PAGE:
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Host-parasite relationships


Environmental variation can have profound and direct effects on fitness, fecundity, and host symbiont interactions. Replication rates of microbes within arthropod hosts, for example, are correlated with incubation temperature but less is known about the influence of host-symbiont dynamics on environmental preference. Hence, we conducted thermal preference (Tp) assays and tested if infection status and genetic variation in endosymbiont bacterium Wolbachia affected temperature choice of Drosophila melanogaster. We demonstrate that isogenic flies infected with Wolbachia preferred lower temperatures compared to uninfected Drosophila. Moreover, Tp varied with respect to three investigated Wolbachia variants (wMel, wMelCS and wMelPop). While uninfected individuals preferred 24.4°C, we found significant shifts of - 1.2°C in wMel- and -4°C in flies infected either with wMelCS or wMelPop. We, therefore, postulate that Wolbachia-associated Tp variation within a host species might represent a behavioral accommodation to host-symbiont interactions and trigger behavioral self medication and bacterial titer regulation by the host.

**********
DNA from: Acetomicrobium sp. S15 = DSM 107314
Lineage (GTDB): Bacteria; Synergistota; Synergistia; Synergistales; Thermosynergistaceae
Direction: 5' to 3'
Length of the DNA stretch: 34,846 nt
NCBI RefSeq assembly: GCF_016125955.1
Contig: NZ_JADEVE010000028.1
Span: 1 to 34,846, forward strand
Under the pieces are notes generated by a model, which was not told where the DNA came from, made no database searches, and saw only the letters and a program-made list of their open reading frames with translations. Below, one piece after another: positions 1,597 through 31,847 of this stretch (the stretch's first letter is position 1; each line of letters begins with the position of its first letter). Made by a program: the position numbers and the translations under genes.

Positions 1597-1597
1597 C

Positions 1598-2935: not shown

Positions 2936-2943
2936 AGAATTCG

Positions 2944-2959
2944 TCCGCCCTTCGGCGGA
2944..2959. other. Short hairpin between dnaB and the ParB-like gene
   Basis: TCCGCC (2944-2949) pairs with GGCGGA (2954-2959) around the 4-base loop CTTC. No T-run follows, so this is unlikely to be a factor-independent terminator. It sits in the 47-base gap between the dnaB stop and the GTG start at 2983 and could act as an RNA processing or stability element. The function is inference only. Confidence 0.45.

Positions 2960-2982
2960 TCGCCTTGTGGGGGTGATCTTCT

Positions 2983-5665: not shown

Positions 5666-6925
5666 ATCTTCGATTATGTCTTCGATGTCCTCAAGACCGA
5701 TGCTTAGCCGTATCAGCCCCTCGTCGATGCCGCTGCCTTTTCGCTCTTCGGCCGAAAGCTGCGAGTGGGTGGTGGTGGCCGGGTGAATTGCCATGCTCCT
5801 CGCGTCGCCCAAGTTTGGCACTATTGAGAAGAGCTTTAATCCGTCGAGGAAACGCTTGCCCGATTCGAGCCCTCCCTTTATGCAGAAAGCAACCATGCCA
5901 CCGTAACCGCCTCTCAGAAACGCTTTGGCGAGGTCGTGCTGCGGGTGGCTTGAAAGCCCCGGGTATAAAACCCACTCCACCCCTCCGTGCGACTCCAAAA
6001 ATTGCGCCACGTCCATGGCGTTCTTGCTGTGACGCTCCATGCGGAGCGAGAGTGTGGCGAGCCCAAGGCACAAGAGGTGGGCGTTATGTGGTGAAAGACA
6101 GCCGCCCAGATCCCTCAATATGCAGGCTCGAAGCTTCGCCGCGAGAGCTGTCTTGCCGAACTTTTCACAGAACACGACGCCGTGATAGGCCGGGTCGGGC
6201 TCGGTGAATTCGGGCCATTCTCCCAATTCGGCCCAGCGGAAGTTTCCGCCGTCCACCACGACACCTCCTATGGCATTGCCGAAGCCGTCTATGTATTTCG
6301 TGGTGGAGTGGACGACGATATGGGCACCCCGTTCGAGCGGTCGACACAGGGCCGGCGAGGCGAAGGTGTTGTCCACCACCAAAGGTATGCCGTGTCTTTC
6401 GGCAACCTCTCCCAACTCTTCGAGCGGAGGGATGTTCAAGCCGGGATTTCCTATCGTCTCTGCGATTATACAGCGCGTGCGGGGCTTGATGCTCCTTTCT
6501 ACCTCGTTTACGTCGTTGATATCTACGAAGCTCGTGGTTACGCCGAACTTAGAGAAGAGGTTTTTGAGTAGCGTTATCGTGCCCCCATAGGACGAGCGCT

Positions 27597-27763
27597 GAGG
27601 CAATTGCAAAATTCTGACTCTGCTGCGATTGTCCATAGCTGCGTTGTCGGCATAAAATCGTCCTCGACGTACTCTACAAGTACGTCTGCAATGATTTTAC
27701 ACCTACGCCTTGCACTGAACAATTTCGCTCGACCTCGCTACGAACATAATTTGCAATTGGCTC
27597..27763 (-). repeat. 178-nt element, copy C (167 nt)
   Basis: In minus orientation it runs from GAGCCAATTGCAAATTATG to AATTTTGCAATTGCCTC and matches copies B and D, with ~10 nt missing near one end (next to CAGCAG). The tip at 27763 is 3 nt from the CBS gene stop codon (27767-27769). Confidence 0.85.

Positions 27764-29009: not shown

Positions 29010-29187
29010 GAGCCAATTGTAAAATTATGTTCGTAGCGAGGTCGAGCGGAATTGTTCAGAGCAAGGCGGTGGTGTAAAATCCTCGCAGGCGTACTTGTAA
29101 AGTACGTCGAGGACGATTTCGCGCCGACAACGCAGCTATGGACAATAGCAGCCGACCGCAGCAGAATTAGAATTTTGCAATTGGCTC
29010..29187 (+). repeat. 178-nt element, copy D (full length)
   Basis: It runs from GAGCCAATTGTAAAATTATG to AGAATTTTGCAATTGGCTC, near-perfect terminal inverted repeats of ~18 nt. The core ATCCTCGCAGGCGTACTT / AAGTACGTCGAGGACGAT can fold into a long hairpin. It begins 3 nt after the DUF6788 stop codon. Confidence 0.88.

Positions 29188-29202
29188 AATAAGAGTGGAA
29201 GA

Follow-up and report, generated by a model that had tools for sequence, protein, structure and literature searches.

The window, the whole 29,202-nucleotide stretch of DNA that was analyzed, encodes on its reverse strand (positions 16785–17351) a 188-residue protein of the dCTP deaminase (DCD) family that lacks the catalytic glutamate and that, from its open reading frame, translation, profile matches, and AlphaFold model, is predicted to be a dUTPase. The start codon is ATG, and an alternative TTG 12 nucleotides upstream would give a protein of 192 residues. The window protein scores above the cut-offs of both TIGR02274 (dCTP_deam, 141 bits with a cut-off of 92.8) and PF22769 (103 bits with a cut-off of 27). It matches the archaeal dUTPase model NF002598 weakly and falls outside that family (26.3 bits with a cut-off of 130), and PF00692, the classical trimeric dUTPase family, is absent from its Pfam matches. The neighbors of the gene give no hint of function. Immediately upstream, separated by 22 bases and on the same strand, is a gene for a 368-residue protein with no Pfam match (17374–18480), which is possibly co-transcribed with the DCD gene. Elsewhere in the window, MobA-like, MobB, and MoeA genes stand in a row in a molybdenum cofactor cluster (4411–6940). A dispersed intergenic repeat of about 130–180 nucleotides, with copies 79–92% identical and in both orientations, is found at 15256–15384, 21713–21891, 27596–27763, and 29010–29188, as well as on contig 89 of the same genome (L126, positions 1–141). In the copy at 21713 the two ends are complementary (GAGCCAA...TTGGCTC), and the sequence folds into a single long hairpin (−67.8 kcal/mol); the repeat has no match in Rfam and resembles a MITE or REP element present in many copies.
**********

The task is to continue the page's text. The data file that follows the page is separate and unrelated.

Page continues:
bioRxiv preprint first posted online Jun. 22, 2018; doi: The copyright holder for this preprint (which was not peer-reviewed) is the author/funder, who has granted bioRxiv a license to display the preprint in perpetuity.

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